RA Spotlight: Jenna Koury

A significant part of what keeps the Manresa spirit alive throughout the halls of Loyola are the Resident Assistants (RAs). By keeping the Scholars safe, leading programs, and organizing enjoyable IMG_2207.pngexcursions, the RAs fully embrace the concept of a living-learning community while constantly being individuals on whom you can rely. This week, we introduce rising sophomore and Manresa alumna, Jenna Koury, as the fourth-floor RA in Loyola Hall this upcoming academic year!

Jenna is planning on completing a double major in Middle East Studies and Political Science, with a minor in Sociology. She is also on the Pre-Law track. She is a UNICEF liaison and a member of Fordham’s Mock Trial team. As a Portland, Oregon native, the Bronx is a long way from home, but her love for Fordham is what brought her here. “I chose Fordham because I went to a Jesuit high school, and it was an amazing experience; I wanted to continue that. I also love the emphasis on service that a Jesuit education provides,” she says.

In her freshman year, Jenna developed relationships and found her place at Fordham through the Manresa Scholars Program. “I gained an amazing relationship with my Manresa Professor and the best group of friends I’ve ever had,” she reflects. As an RA for Loyola this year, she hopes to share some of her favorite experiences with the incoming Manresa Scholars. She explains, “I want to take residents to Washington Heights, and get shaved ice as an excursion. I hope to have a lot of programs that will show residents the amazing cultures found in New York.”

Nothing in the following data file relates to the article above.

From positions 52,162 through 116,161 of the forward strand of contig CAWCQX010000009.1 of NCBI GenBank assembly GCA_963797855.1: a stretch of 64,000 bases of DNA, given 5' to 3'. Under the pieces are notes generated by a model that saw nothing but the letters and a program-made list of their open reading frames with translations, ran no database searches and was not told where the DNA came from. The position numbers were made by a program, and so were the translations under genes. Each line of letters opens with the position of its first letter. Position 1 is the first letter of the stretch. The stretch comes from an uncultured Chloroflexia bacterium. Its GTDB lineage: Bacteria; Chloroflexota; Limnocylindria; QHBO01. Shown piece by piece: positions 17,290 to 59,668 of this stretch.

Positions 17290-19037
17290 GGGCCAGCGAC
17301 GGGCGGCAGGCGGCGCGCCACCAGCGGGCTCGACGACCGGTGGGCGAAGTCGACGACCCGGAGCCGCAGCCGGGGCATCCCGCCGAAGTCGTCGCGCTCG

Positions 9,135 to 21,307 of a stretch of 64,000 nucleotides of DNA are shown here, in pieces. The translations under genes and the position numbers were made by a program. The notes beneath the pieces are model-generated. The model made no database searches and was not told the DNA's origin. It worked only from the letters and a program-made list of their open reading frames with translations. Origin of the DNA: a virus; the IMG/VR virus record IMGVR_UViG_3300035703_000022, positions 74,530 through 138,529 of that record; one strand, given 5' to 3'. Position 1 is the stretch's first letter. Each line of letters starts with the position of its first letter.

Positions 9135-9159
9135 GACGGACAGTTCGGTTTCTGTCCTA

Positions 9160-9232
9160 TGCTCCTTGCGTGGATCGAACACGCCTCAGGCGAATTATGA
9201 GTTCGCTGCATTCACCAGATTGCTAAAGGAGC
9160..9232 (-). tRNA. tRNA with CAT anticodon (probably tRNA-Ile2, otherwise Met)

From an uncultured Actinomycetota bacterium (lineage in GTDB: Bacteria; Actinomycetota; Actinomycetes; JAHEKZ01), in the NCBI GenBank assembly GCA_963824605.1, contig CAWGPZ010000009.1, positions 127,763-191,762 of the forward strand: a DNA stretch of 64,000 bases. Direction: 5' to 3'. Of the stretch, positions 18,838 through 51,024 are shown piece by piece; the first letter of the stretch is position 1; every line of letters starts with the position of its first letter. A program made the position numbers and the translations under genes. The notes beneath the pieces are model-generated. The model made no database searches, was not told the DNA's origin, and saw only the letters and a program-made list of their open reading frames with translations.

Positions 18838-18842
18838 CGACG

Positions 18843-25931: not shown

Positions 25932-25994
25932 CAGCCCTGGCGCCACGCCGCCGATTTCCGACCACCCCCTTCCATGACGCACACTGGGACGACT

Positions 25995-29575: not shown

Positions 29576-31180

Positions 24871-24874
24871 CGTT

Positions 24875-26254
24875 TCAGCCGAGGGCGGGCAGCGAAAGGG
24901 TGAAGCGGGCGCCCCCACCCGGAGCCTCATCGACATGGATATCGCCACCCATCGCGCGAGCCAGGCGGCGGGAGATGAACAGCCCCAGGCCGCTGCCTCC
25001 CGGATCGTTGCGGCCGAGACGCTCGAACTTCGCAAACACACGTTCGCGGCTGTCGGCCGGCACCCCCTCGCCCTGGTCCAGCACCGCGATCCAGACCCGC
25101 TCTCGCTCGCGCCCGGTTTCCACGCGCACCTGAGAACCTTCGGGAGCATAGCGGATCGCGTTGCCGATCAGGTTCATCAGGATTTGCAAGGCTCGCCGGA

Jenna and the rest of the Loyola RA staff are looking forward to welcoming the new Scholars to the Manresa Program in the fall!

Lindsey Register, FCRH 2020
Manresa Programming & Marketing Fellow, 2017-2018

Packing for Life in Loyola

Packing for college is one of the most exciting, yet intimidating, processes you have probably faced thus far in your life. As a Loyola Hall alumna, I came to appreciate the occasional items that don’t initially cross your mind when trying to stock your room with all of the must-haves. I have compiled a personal list of the top ten most helpful items I had in my Loyola room, to pass on to you, the new Manresa Scholars!